Ever the practical one, Elsa found a cozy hotel just around the corner from Borders' Union Square book store, so she could have some time to herself while I rested back in the hotel.

To get in shape, I walked back and forth and back and forth on the deck of Mike & Kerry's  house and up and down and up and down their stairs.  By departure time - the Thursday before Easter - I was in acceptable shape. 

Never will I forget realizing we were standing in the wrong line as we stood at the airport, waiting to check in.  There we were - Kerry and Karen and myself – somehow standing in the line for lushy-plushy Connisseur class line, rather than Tourist.  When I realized the error, I tried to head over to right (long) line, but Kerry said we should not go to more fuss than need be.  When we got to the head of the line, I explained to the person behind the counter that I had goofed and we were in the wrong line, that I needed to head over to Tourist.  The person checked the list and said, no, that I was down for Connisseur.  There must be a mistake, I protested.  No, said the woman, quite firmly - - a nice lady had arranged it. 

I looked around at Kerry and there she was, with a big cheeky grin on her face.  What I liked the most was what happened next - Karen asked her, "Mum, why did you do that?"  A good question, since it must have cost a pretty penny.  Kerry replied, and I will always remember, "Because your Nan is so wonderful."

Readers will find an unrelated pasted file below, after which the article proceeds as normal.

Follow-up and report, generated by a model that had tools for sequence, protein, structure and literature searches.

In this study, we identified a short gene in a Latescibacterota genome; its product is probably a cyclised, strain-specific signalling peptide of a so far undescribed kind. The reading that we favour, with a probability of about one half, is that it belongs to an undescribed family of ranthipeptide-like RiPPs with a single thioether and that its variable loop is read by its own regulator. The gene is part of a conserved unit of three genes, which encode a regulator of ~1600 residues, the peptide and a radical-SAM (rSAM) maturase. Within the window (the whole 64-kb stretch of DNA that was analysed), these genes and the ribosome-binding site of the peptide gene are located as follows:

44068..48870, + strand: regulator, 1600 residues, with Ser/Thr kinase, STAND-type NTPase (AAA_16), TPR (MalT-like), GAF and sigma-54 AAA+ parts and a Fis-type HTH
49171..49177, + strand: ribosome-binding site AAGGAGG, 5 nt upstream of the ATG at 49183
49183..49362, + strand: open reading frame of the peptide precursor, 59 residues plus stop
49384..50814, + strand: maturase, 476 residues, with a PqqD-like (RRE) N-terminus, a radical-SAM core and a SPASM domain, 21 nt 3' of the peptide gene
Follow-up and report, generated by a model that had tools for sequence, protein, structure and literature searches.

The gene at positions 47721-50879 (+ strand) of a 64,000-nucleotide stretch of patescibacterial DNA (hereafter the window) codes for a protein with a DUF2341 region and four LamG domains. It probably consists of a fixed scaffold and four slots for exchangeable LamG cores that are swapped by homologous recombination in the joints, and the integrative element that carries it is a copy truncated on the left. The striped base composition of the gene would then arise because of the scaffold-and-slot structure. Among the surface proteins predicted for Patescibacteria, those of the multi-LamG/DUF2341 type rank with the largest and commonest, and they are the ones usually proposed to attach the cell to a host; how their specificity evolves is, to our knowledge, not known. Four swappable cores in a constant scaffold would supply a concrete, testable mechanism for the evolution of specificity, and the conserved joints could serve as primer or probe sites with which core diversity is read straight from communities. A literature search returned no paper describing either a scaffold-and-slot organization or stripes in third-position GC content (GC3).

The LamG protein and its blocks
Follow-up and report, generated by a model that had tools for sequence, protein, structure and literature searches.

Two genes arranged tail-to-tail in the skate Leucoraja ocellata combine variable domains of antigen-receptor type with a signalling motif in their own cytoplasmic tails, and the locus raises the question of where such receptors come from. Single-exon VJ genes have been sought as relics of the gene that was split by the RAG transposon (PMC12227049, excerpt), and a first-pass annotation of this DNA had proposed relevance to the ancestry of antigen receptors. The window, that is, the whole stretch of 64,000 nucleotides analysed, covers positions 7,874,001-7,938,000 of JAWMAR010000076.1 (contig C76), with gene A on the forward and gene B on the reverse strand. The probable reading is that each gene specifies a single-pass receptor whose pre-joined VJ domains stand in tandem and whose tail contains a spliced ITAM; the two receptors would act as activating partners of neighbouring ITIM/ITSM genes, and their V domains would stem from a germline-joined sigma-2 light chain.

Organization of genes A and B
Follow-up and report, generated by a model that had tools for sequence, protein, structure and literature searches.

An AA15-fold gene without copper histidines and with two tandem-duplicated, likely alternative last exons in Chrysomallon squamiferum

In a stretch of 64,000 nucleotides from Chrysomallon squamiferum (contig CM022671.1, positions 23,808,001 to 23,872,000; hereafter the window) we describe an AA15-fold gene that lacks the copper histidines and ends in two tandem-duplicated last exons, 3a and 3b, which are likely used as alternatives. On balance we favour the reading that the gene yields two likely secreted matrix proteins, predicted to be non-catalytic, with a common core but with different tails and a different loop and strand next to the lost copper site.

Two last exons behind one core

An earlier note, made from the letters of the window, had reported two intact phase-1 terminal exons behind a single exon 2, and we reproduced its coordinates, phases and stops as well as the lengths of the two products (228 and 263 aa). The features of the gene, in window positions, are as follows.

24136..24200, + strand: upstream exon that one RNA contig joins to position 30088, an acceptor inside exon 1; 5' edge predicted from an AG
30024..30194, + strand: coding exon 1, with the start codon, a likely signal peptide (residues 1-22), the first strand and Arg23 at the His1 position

Well, I could have flown home on those words alone! 

Connisseur class was a never-to-be-forgotten experience.  There is no comparison between it and Tourist.  Normally, the last six hours in the air are something to be borne as well as you can.  I could not believe it when they said that we would be touching down at San Francisco International in 45 minutes!  And the meals are served in courses, on china with real glassware.  The service cannot be beat.  I thought that I would be completely worn out when we touched down, but I almost felt refreshed.

It was wonderful to see Elsa's face as an attendant wheeled me out of the Custom's "holding pen."  Kerry had prepared her that I was a shadow of my former self, so she was startled to find me fairly fit and in good spirits. (More about good spirits later.)

I was so surprised to open the door to our hotel room and find the pillow of my bed covered with some stuffies from home.  Elsa thought they would perk up my spirits.  They did, oh they did.  I settled down around 11:00 a.m. for a long nap and Elsa headed out for a browse at Borders.

When I got up, we headed down to the afternoon tea being held in the lobby.  When Elsa asked what I wanted to do next, head back for some more rest, lounge around the lobby, or head out, I jumped at heading out.  To Elsa's amazement, I skipped the taxi and insisted on taking a cable car (I hadn't been in one since that last fateful trip with Pete) up to the Fairmount and the Tonga Room.

The Tonga Room, as described in a clipping Elsa sent, was much like the Kona Kai in Philadelphia, a favorite spot in the '50s and '60s.  It was decked out South Seas-style and had an ersatz "tropical storm" every 15 minutes.  I loved it - and ordered my first "good spirits" of the day - bourbon on the rocks, with a splash of water.